Powys has a long history of rioting.

While most took place in the 1800s, charged by political unrest, the county was no stranger to religious protest long before then.

Reminders of these events remain hidden in plain sight in our towns and villages.

Pendref Chapel in Llanfyllin is one such place that was the scene of great violence and destruction in 1715.

This had been a time of great religious upheaval across the country following the death of Queen Anne in 1714.

Tensions had reached fever pitch as supporters of James Stuart rebelled in a bid to regain the thrones of England, Ireland and Scotland for the exiled Stuarts.

The Stuart kings had been excluded from the British line of succession following the Glorious Revolution in 1688 and in 1701 the Act of Union had enshrined no Catholic would ever take the throne again.

Britain had been at war with the French and Spanish from 1701 until 1714 when the French accepted Protestant rule for Britain under the terms that ended the conflict.

However, this meant abandoning the cause of the Stuarts who returned to Britain to rouse a rebellion among their Catholic supporters.

And so began the Jacobite Rising of 1715.

Llanfyllin had seen its own troubles that year that would lead to ever-lasting consequences, changing the fate of the town forever.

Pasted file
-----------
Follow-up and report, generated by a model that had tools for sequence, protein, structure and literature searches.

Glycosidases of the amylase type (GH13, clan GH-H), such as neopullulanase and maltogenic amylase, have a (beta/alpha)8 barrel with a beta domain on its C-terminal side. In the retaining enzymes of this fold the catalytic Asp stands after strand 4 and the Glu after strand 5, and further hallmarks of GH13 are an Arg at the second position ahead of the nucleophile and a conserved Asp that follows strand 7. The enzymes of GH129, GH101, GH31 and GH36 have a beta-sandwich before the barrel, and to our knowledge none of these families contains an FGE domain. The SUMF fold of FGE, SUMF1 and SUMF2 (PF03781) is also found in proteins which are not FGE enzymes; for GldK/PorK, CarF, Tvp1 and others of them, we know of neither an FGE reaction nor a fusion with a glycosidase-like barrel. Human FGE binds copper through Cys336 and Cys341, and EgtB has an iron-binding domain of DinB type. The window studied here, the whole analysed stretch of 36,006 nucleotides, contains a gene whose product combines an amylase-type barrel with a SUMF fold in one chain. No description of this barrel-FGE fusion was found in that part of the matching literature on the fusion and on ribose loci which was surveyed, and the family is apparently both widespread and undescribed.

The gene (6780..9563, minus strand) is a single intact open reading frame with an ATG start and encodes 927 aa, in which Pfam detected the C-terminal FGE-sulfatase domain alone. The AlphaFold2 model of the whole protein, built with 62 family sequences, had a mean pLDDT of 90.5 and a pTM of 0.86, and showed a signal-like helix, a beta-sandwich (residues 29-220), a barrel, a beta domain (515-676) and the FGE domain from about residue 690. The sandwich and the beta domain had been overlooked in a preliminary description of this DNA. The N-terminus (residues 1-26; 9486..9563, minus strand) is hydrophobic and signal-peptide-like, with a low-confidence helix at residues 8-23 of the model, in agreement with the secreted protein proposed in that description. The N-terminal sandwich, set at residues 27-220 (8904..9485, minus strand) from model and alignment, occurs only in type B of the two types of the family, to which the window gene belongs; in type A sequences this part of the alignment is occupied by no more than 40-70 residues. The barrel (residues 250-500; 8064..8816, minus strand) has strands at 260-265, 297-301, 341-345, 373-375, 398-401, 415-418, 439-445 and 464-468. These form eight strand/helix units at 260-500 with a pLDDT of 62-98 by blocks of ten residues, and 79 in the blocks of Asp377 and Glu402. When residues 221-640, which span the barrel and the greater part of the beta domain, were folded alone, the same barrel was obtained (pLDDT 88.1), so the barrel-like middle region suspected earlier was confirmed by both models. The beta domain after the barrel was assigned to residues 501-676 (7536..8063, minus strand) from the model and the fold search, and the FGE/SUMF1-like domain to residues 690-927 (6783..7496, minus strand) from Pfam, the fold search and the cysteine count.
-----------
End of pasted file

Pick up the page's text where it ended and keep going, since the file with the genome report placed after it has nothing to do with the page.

While the Jacobite cause had sparked the trouble, it is thought the three days of destruction in Llanfyllin was really a hangover from the English Civil War.

The main instigator had been Adam Pryce, a powerful man in Montgomeryshire and part of the Pryce family of Newtown Hall.

As a staunch Royalist, he had seen tensions between the church and dissenters manifest across the county since the death of Queen Anne and stirred locals to action.

Pendref Chapel had only been built in 1708, but over the course of three days it was laid to ruin by a 'tumultuous and rebellious Tory instigated mob' in July 1715.

Nine of the rioters were indicted at the next Assizes, but their fate is unknown while damages of £143 were given towards the rebuilding of the chapel.

As a result of the lack of law and order in Llanfyllin, the assizes were moved to Welshpool after the meeting, with Llanfyllin losing its status as an administrative centre.

The chapel was rebuilt in 1717 and would become one of the most important and popular places of worship in the county.

Among its congregation was Ann Griffiths who was baptised in the chapel in 1796 and would become one of Wales' most renowned poets and hymn writers.

By 1828 the chapel was too small to house its parishioners and was rebuilt for a third time on the same site.

Its many rebuilds and eventful history has ensured the chapel is unique among independent chapels in Wales.

Above the pulpit is a plaque to commemorate the life of Rev’d Susannah Rankin who attended Pendref Chapel as a child and went on be the first female student to gain a Bachelor of Divinity from the University of Wales.

In 1925, she was ordained a minister at Pendref Chapel and the following year left for Papua New Guinea to work as a missionary. As well as church work, she was a linguist and translator.

She was known as Sinabada - meaning 'Big Mother' - in spite of being five feet tall and remained in Papua New Guinea for almost half a century.

She was awarded an honorary MA by the University of Wales and was made MBE in 1972 and died in 1989.

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